So, where do we go from here? On the whole, we believe high yield remains attractive, and will continue to present opportunities going forward. Of note, the credit quality of the market has increased notably since the financial crisis, with 56% of the market rated BB versus only 38% in 2007, and less than 12% of the market rated CCC.3 It is also worth reiterating that the market held up fairly well during the crisis from a liquidity perspective.
But the path forward is far from certain, making a deliberate and selective approach as critical as ever. While the significant amount of capital raised by companies has been very positive in the short term—and crucial to helping them move through the initial shock from the pandemic—it adds an element of uncertainty longer-term. Some companies, to be sure, look well-positioned to manage higher debt levels going forward, and from that standpoint may experience a strong recovery as the pandemic recedes. Others, however, will inevitably face greater difficulties as a result of the debt they have accumulated during this period, particularly in the event of a weaker post-pandemic economy.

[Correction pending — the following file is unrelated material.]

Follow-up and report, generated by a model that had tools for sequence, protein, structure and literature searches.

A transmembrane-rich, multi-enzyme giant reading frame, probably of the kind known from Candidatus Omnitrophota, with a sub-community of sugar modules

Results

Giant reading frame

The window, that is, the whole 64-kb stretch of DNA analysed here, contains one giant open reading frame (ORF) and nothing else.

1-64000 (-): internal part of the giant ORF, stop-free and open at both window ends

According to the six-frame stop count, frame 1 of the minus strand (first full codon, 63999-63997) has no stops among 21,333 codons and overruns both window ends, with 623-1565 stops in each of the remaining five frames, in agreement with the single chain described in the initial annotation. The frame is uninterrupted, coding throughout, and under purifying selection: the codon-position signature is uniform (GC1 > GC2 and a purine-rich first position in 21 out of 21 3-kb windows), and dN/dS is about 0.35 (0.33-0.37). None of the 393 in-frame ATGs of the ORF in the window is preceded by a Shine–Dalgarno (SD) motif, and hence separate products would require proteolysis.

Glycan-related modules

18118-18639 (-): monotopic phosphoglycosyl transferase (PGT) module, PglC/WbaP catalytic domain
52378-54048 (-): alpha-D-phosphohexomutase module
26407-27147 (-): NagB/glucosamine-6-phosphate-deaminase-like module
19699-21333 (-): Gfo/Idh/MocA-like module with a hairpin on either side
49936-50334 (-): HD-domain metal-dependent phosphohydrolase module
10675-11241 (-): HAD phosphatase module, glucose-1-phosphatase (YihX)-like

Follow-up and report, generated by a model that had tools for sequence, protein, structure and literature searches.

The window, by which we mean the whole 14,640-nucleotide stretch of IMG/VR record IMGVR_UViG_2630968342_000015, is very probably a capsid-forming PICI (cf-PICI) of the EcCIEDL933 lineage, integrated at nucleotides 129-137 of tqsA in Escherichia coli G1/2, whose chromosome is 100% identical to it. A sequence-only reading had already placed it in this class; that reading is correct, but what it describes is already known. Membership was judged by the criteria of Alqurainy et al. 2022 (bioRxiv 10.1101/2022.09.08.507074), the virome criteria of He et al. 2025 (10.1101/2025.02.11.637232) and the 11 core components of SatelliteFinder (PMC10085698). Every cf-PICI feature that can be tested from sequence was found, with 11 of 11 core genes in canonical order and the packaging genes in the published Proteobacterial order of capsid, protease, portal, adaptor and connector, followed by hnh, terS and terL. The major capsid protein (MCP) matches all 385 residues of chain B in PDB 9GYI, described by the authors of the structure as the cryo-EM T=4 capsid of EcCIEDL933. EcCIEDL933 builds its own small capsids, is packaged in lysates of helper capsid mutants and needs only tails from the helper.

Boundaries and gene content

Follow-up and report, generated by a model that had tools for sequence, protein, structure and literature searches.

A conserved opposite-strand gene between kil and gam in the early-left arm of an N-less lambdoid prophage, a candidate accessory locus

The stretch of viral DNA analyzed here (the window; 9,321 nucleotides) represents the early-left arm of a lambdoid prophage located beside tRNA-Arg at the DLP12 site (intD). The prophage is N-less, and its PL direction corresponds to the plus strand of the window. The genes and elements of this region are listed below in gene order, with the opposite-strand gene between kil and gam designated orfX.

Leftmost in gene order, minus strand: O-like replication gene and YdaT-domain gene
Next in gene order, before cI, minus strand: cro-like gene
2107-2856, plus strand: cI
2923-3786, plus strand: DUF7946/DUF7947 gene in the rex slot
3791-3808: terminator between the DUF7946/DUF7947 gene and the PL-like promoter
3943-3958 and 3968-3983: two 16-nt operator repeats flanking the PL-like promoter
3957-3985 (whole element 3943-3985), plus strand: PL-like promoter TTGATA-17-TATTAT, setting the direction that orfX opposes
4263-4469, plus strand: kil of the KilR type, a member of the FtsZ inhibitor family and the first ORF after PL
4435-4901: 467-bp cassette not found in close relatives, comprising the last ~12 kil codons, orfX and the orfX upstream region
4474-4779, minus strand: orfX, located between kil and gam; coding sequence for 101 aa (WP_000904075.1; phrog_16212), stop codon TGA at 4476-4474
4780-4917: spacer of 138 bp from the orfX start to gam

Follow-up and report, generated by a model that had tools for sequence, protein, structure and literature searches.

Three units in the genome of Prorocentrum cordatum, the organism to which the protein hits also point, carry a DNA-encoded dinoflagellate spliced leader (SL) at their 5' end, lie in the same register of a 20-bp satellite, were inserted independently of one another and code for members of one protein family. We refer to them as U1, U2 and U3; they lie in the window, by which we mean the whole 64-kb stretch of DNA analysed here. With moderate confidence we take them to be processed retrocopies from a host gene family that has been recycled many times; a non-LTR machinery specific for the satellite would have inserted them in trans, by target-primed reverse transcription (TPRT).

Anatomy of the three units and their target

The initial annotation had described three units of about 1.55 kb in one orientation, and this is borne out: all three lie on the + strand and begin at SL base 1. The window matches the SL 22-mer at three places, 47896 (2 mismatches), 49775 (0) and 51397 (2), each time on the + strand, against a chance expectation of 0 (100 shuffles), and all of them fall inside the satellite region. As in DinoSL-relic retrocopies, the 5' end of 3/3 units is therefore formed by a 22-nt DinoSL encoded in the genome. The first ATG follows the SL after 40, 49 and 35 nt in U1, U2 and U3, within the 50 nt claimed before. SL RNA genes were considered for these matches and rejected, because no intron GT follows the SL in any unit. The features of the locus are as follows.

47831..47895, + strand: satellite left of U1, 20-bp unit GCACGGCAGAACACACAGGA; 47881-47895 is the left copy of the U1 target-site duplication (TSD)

Further complicating the road to recovery, there is no shortage of risks on the horizon—from a potential second wave of COVID to uncertainty around the U.S. election, Brexit and economic growth—all of which have the potential to trigger further bouts of volatility going forward.
Positioning For Recovery
Against this backdrop, there may be benefits to moving higher up in the capital structure and considering secured assets, particularly senior secured bonds. While offering similar yields and spreads as the broader high yield market, senior secured bonds have historically offered higher recovery rates than unsecured bonds. Because they are generally twice covered by the value of the business that is pledged to them, senior secured lenders are in a favorable position, relative to unsecured creditors, to drive debt restructuring and in some instances take ownership of the company—ultimately maximizing recovery potential. Perhaps unsurprisingly, senior secured bonds were the first high yield deals to price coming out of the initial selloff—as investors understandably demanded an initial layer of protection to compensate for the uncertain market environment—and supply has remained healthy in the months since.